US v. Bonilla: Francisco Bonilla pleaded guilty to one count of illegal re-entry; the presentence report ordered in advance of the sentencing in his case included an enhancement based on his prior state conviction for burglary of a habitation in Texas. Bonilla objected to the application of this enhancement, arguing that this prior conviction did not qualify as a crime of violence as required in Taylor v. United States, 495 U.S. 575 (1990).
In Taylor, the Supreme Court set out to uniformly define "burglary" from the variety of definitions in different States’ criminal codes. The Fourth Circuit discusses Taylor at length as the backdrop for making its decision here, and the short version: if the state definition corresponds "substantially" to generic burglary, then the sentencing enhancement at stake here applies.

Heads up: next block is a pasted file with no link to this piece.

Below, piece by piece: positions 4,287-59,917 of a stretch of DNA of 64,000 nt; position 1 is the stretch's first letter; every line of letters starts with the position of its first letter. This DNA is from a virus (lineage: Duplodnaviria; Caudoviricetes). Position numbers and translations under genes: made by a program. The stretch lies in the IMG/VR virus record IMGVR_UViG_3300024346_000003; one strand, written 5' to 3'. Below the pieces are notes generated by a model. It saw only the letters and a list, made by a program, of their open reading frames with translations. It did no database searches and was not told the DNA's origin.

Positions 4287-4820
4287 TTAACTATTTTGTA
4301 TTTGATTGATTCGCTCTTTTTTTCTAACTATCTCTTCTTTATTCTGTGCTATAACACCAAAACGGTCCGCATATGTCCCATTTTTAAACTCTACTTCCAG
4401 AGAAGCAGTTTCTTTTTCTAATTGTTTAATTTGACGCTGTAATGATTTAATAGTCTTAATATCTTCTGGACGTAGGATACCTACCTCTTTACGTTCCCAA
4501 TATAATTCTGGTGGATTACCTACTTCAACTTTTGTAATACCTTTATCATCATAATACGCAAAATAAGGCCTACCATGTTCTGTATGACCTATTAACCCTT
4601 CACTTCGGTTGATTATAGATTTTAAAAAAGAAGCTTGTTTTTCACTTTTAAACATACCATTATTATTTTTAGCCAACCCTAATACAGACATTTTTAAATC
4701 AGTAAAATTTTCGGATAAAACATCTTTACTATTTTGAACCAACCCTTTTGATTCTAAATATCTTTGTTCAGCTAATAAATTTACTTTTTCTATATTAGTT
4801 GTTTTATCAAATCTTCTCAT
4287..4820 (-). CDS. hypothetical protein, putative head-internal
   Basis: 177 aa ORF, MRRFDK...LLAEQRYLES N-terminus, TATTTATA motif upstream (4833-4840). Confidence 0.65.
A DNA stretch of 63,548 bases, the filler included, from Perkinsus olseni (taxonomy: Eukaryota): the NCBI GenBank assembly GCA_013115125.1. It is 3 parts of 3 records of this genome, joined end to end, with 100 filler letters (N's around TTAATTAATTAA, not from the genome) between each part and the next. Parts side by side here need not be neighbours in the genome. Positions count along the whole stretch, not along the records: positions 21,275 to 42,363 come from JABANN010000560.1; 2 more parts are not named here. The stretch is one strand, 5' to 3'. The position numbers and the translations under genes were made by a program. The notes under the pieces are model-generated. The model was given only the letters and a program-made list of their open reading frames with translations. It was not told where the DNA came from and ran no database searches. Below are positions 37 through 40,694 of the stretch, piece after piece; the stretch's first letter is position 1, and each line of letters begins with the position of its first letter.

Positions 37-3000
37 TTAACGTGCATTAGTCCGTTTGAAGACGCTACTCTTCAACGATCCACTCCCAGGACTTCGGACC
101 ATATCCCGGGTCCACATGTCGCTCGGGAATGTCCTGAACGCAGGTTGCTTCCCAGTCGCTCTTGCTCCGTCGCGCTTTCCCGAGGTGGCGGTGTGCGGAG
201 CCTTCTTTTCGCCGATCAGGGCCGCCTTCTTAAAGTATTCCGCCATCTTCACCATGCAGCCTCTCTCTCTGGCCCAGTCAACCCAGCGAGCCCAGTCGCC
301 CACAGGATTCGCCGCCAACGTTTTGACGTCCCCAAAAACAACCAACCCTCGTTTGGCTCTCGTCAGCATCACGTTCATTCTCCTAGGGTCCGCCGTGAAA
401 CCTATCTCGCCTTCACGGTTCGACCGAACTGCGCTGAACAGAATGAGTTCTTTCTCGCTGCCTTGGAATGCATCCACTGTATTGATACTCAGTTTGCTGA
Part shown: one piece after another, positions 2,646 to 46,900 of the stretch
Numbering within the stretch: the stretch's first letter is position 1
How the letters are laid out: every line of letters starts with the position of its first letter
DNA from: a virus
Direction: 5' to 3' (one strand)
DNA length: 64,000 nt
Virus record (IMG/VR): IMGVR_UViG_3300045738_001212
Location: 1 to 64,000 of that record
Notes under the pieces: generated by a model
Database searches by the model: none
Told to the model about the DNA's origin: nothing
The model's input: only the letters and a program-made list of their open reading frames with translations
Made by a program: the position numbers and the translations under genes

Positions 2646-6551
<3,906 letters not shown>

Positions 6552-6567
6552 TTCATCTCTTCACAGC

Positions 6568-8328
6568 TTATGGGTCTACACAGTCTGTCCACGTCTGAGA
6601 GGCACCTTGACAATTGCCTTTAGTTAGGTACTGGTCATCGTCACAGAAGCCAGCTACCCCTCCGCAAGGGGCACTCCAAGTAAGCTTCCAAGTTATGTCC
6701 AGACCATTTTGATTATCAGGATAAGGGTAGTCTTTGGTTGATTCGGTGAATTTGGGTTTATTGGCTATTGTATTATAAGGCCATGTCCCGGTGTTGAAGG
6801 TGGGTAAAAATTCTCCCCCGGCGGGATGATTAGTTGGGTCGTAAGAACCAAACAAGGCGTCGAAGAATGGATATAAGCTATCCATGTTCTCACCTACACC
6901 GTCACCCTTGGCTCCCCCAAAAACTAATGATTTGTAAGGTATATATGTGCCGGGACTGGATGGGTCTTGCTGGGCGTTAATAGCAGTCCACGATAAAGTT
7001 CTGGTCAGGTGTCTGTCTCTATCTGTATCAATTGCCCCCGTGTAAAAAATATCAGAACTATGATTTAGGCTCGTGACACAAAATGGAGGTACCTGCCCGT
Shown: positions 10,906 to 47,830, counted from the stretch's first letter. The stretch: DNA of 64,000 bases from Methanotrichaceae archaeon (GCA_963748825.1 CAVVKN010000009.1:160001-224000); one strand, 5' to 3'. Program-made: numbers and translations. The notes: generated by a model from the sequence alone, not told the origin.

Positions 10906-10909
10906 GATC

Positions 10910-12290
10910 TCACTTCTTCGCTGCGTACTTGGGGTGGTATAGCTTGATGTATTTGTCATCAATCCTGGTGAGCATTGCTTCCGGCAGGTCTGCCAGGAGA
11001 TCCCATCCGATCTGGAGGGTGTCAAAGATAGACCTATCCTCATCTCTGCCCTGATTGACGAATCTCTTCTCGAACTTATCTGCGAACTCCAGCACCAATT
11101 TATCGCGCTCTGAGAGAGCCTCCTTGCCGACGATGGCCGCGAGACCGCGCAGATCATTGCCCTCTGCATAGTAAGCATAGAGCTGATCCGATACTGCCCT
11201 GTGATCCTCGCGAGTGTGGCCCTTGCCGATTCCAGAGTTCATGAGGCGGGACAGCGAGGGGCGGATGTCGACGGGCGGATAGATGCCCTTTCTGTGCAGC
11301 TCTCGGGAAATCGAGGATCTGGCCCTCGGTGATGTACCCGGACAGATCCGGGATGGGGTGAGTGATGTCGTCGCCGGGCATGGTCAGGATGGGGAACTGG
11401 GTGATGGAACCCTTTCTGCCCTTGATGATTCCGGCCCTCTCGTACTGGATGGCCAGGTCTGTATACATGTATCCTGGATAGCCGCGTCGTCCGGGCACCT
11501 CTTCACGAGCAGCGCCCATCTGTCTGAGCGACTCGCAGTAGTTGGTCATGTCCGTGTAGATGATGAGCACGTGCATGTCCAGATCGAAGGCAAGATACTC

The Fifth Circuit has held that a burglary conviction under the same code section as Bonilla received is NOT a generic burglary under Taylor, because it does not contain an intent element to commit a felony, theft, or assault at the moment of entry. The Fourth Circuit respectfully states that this holding results from a "too rigid" reading of Taylor, and Bonilla’s guilty plea contained all the elements to satisfy Taylor’s description of generic burglary "notwithstanding that Bonilla might not have formulated his intent prior to the unlawful entry." The dissent’s well-reasoned view supports the opposite conclusion, based on the common law notion that intent must be contemporaneous with the other elements of the offense, in order for a burglary to satisfy Taylor.